Trip Report for July 21, 2023 – Table Top Mountain Trail

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Trip Report for July 21, 2023 – Table Top Mountain Trail
View of the talus summit of Table Top Mountain

To follow up with the previous day’s hike up Wickersham Dome, I headed to the Steese side of the White Mountain National Recreation area to do some wildflower searching along the Table Top Mountain Trail. I hesitated to even bother as the forecasted temps were in the 80s and there were no clouds, thinking it might be miserable, but I was pleasantly surprised once I got there.

Others roll their eyes and laugh at us Alaskans for whining about the heat when temperatures soar into the 80s or 90s. But what they fail to grasp is the relentless intensity of the Sun’s rays on our bodies, hour after hour. At these extreme latitudes, the Sun hangs lower in the sky, casting its scorching beams upon us from morning until evening. It’s an unrelenting assault, leaving no respite when we venture into the outdoors. I am speaking from experience when I say 90° F in Fairbanks often feels like 100° F down south.

The blue sky beyond burned spruce – this area was left barren after a wildfire in 2004
I love the green landscapes through the burnt spruce

Luckily, it was a bit cooler up in the mountains than it was in town when I left. A light but steady breeze also helped cool the air on my skin. It was a bit sticky with the humidity, but the trail climbs fairly gently, so I certainly wasn’t overexerting myself. The breeze kept most of the bugs at bay as well, which was a nice touch.

As with the previous day, I wasn’t finding much for wildflowers on the hike up. There was a lot of common fireweed, grass of Parnassus, and Rocky Mountain goldenrod in the burned area of the lower forest. Once I was above the tree line, some new species appeared, like eight-petaled mountain avens, mountain harebell, Alaska Spiraea, and labrador lousewort. Unfortunately, nothing of great use for my guide, but I did manage to get some good identifying photos of species that are already included.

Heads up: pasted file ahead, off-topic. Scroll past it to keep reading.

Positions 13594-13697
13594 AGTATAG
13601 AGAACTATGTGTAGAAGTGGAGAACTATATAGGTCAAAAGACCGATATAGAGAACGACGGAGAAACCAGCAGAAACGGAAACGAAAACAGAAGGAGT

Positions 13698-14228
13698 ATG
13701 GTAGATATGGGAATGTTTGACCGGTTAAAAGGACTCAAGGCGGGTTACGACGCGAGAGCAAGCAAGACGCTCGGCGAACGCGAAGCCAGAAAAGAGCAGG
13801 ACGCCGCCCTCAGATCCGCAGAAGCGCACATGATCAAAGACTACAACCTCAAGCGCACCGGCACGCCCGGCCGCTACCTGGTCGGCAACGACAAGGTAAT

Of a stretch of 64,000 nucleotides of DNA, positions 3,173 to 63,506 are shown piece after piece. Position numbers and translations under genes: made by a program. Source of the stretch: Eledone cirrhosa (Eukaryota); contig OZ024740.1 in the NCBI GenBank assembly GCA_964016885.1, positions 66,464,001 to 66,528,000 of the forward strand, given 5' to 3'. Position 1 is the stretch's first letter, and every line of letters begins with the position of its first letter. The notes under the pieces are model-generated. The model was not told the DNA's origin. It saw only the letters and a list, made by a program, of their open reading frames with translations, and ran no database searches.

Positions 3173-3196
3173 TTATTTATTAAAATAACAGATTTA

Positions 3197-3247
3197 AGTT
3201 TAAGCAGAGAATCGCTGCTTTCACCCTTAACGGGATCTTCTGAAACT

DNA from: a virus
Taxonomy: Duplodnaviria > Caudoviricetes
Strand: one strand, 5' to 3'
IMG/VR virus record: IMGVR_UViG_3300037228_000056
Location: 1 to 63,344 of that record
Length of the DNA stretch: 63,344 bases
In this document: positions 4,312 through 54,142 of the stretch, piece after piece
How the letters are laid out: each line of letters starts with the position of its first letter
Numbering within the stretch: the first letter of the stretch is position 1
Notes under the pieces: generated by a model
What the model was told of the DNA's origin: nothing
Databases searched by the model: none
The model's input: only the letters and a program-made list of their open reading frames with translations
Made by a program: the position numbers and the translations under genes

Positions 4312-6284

I didn’t see much wildlife along the way. The blueberries were in season, and there was some very small berry-filled scat, but it looked much too small to be bear. White-crowned sparrows sang for almost the entire trip below the tree line.

Fireweed and monkshood at the junction with the spur trail that goes to the top from the loop

The entire trail was mud-free and easy to walk. I did take the spur trail to the summit and spent some time looking for flora at the top and just took in the views. There were very few wildflowers left, save for some twinflowers, pincushion plants, and mountain harebells. It’s tough to beat those blue skies and endless green and grey hills!



View of the hills over the talus top of Table Top
Landscapes just go on and on
The winding dirt road in the Nome Creek valley

It was such a gorgeous day that I had some regret for not bringing a tent. It would have been a perfect night to camp here. I really took my sweet time, completing the 3.5-mile loop in 2 hours and 45 minutes (and actually covering over 5 miles with 1200 feet of elevation gain – I spent a lot of time wandering). It was a perfect day to hike, and I had the trail entirely to myself the whole time!

Info for the hike on my Table Top Mountain Trail Guide

I’ve been slow to edit photos as I have a large backlog from previous days, but the current gallery for the day is here: 2021-07-21. Below are a few wildflower close-ups from the trail and links for more info in my Alaska Wildflower Guide.

Grass of Parnassus (Parnassia palustris)
Shrubby cinquefoil (Dasiphora fruticosa)
Bitter fleabane (Erigeron acris)

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